11 Ph.D. dissertations
9 patents
1 startup created

Design underwater turbines to harvest the kinetic energy in river and estuary currents and generate electricity.



Underwater turbines have the capacity to provide clean energy and turn a profit, making them a perfect candidate for tomorrow’s energy mix. The global river and estuary turbine market—expected to reach E12 billion by 2025—is considered a niche market inFrance, but offers substantial opportunities in other countries, where projects are large enough to generate economies of scale.
The Harvest project set out to develop a new type of turbine that revolves around a vertical axis perpendicular to the current. The idea for the turbine was inspired by an innovation patented in 2004, which consisted of stacking multiple turbines to form counterrotating towers to take advantage of the full depth of the water at a given location.


This project’s innovation lies in the system’s unique architecture, which involves stacking several turbines on a single vertical axis to form a tower capable of taking advantage of the full depth of water at a given location. The system, which consists of several transverse-flow turbines stacked vertically on a single rotation axis, offers a unique set of benefits:


In 2010 the Harvest project spun off a start-up, HydroQuest, to sell river and estuary turbine farms to electricity producers worldwide. HydroQuest has won a number of awards attesting to both the company’s strong positioning on a high-growth segment and the effectiveness of the equipment it sells:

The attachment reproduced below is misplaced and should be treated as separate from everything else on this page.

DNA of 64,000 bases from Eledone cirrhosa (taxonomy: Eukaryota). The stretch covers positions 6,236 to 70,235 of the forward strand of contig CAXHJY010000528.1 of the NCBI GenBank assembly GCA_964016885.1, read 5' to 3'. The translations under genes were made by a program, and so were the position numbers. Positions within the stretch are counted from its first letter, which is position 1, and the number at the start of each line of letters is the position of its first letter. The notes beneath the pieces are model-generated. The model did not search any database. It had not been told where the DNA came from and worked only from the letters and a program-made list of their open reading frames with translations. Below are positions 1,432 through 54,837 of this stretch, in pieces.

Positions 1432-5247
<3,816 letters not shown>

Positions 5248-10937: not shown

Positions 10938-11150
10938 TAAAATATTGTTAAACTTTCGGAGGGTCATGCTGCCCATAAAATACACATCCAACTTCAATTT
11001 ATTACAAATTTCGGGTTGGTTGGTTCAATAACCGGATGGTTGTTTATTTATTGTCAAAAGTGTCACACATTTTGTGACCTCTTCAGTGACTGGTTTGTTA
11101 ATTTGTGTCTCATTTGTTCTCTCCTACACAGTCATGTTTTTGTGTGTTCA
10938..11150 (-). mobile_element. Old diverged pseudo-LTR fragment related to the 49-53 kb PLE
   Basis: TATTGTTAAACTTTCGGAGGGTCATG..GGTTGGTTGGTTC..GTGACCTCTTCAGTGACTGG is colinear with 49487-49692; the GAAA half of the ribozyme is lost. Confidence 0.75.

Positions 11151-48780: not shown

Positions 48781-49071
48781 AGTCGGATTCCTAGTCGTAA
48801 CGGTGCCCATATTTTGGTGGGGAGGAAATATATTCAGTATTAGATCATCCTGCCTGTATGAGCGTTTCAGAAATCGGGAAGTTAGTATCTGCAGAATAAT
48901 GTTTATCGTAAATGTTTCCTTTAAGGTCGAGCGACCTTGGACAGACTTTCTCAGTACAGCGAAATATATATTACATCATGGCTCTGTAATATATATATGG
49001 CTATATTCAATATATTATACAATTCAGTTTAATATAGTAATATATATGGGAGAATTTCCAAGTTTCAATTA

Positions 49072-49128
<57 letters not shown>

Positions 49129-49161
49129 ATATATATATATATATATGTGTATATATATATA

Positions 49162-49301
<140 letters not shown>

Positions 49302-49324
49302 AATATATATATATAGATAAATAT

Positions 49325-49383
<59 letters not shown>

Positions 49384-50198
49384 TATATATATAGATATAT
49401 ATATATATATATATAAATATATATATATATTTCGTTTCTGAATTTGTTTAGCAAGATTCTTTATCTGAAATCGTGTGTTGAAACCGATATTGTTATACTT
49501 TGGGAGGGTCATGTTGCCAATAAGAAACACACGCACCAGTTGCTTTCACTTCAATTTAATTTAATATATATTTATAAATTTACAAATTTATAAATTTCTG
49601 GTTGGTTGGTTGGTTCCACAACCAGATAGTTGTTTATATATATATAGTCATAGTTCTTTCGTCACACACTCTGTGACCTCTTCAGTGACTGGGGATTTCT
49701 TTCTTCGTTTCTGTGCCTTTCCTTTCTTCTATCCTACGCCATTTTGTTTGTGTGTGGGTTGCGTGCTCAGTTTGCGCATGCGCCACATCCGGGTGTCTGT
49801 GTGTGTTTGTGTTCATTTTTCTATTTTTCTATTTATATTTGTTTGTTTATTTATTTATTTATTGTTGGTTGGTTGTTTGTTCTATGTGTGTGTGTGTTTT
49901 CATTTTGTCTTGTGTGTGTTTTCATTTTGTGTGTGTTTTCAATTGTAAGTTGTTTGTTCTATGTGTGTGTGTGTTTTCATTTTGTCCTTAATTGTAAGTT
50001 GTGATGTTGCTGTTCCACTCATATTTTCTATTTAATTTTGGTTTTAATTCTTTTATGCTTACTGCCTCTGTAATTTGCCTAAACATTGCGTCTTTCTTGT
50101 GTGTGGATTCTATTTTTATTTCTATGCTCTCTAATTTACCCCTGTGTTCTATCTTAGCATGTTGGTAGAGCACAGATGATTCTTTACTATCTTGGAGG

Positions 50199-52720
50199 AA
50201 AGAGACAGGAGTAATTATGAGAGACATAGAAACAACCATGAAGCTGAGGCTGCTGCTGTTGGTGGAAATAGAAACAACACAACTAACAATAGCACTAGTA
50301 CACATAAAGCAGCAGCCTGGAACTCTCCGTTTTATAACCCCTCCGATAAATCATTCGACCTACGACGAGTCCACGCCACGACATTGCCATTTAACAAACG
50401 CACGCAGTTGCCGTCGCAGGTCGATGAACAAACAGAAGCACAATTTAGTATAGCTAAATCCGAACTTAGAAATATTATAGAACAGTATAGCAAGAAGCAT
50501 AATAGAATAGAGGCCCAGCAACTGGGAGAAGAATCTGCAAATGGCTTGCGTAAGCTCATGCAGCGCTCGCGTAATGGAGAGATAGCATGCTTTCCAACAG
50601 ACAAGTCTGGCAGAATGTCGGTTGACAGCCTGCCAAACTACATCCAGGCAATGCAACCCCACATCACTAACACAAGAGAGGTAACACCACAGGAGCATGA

Industrial-scale manufacturing began in 2012. The construction of two turbine farms in France is planned for 2014, one on the Gironde River and the other on the Loire River. HydroQuest counted ten employees in 2013.


HydroQuest’s CEO Jean-François Simon forecasts the company’s production at 300 to 500 machines within the next five years, mainly for export. He expects the company to start turning a profit by 2015. HydroQuest plans to take full advantage of strong international growth prospects, especially in Africa, where remote villages located along major rivers make local electricity production a logical choice. The company spearheaded a new R&D project, Hydrofluv (backed by the French Single Interministerial Fund), which will introduce further innovations that should position HydroQuest to offer a new turnkey turbine farm solution to global hydroelectricity producers. Vertical underwater turbines could also potentially be used to harness the energy in ocean currents, which would constitute an additional market for HydroQuest.



ANR (the French National Research Agency).